African women protest against discrimination, poor conditions in Lithuanian migrant camp
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Tensions are rising in the Medininkai migrant camp in Lithuania. A group of asylum seekers, mainly African women, tried to break through a gate in the camp on October 26 to protest against the detention conditions. The guards, assisted by police, responded with tear gas. The FRANCE 24 Observers team spoke to a Congolese woman at the camp who says she and others believe the guards offer preferential treatment to Iraqi women detained in the same camp.
The protest began early on October 26 when a group of African women gathered in front of a gate chanting “Liberté” (freedom). The women mobilised after an altercation took place between an African migrant and an Iraqi migrant in the camp, according to witnesses we contacted via WhatsApp.
Tensions escalated later in the evening, when police officers sprayed tear gas at migrants who were trying to break through a gate. Video and audio testimonies shared on WhatsApp explain the migrants' anger: they had received expired basic necessities and, most of all, were discriminated against by camp guards.
'One of the girls wasn't allowed to see her father who had come to visit her'
Clotilde (not her real name), a migrant from the Democratic Republic of the Congo has been in the camp at Medininkai for three months.
We are living in containers. Single women, single men and families live in separate blocks. As a single woman, I live with other single African women, but also with Iraqi women. So we live together every day with the Iraqi women and things generally go well.
However, many African women have accused the Lithuanian police of creating tensions with the Iraqi women by favouring them over us. A lot of the Africans complain the the Iraqis have regular visits from their relatives, while Africans' requests for visits are rarely granted.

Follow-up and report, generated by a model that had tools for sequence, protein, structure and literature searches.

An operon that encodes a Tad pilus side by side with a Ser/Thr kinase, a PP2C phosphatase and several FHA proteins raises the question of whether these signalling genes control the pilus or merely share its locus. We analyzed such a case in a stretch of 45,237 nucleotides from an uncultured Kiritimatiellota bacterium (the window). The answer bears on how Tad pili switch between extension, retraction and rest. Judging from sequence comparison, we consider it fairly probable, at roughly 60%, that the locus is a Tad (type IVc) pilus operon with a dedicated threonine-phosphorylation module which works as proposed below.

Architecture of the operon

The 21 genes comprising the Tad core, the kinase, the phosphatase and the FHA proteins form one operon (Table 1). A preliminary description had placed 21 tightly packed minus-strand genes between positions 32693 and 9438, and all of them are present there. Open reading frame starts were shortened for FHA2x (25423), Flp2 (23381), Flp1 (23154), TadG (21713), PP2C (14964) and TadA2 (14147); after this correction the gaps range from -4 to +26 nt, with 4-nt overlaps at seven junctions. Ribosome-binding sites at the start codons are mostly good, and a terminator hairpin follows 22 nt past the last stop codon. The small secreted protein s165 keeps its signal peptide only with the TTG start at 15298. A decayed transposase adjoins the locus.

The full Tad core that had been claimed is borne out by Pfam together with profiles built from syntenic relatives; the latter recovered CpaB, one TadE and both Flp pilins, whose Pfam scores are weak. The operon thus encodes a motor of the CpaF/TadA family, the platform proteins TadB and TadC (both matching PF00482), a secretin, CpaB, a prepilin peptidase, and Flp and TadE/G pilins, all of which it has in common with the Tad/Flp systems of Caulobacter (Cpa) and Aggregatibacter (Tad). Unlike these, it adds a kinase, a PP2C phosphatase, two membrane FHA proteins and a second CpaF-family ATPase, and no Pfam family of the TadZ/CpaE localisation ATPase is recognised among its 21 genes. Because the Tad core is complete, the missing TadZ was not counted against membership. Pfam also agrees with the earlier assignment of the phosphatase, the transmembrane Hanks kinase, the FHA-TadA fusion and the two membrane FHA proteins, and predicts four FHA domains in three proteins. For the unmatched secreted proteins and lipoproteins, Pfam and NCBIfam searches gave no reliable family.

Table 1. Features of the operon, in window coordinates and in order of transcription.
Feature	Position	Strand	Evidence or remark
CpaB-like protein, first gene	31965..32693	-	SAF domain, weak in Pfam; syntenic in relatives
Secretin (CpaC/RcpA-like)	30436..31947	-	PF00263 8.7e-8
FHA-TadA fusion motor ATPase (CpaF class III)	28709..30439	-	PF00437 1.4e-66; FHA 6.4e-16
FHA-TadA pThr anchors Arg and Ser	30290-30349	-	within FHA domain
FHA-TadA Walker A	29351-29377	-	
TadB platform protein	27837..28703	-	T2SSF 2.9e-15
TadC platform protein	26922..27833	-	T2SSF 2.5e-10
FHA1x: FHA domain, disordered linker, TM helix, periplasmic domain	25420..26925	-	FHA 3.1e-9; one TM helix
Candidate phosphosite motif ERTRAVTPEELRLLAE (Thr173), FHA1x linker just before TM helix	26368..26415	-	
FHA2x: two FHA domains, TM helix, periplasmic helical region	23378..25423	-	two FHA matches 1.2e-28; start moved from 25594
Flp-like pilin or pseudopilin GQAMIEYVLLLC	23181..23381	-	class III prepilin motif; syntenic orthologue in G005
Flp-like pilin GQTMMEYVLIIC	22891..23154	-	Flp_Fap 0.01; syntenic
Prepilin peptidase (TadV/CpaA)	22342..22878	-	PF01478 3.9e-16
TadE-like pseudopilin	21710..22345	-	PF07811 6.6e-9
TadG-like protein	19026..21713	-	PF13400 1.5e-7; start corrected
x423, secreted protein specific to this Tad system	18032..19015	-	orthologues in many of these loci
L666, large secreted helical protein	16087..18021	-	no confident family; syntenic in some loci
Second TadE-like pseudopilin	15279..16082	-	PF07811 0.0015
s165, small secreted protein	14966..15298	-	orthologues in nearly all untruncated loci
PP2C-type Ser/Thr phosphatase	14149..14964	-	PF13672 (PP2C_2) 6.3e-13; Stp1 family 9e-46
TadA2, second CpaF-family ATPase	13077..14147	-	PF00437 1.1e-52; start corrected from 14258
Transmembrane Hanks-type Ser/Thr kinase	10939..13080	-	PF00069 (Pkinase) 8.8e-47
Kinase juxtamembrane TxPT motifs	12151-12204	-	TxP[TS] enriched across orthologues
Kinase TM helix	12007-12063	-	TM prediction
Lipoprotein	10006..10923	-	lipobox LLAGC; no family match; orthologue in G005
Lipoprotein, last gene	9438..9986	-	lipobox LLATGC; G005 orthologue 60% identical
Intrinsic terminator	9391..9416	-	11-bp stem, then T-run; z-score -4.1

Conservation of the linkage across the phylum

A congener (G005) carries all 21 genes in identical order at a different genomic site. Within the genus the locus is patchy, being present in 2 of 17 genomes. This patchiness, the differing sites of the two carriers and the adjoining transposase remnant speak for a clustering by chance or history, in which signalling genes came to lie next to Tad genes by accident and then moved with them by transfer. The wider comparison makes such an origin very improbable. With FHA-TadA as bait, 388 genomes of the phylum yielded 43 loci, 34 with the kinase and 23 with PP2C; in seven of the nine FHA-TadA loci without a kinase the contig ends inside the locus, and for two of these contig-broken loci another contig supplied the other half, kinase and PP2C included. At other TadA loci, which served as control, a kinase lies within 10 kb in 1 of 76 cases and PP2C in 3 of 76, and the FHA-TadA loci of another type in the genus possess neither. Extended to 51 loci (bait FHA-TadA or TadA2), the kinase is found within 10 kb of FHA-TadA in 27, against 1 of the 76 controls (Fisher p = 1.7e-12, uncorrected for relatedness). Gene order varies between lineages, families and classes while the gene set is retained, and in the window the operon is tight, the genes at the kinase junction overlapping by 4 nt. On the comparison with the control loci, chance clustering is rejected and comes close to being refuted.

During the night of October 26, one of the girls was complaining that she wasn't allowed to see her father who had come to visit her. The guards only allowed him to leave a package for his daughter. When Iraqi women have relatives visit, the guards let them into the containers. They can touch and kiss each other. This inevitably creates frustration among the others who have not seen their loved ones.
But there are other reasons for the anger. A few days ago, the guards handed out expired sanitary napkins, and we regularly receive expired food products, especially yoghurt and chocolate.
I think that, beyond the living conditions here, people are also put on edge due to the prolonged confinement, the lack of space and absence of leisure activities.
Personally, I've been living locked up in the camp since August. My asylum application was rejected. Everyone has been refused their asylum requests actually, except for two Eritrean women.
All we're asking for while we're waiting here is a bit of freedom. To get out of the camp from time to time, go shopping, get some fresh air.
Nearly 300 women are living in the Medininkai camp, 40 km from the capital Vilnius. Many of those, like Clotilde, who have had their asylum applications rejected, are appealing the decision.
>> Watch our full report: Migrants trapped at Belarus-Poland border call for help via videos, GPS coordinates
Since the summer, Lithuania has experienced an unprecedented influx of migrants: more than 4,000 people, half of them Iraqis, have entered the country illegally from neighbouring Belarus. Lithuania, like neighbouring Poland, is concerned about these arrivals and has started building a fence on its border with Belarus.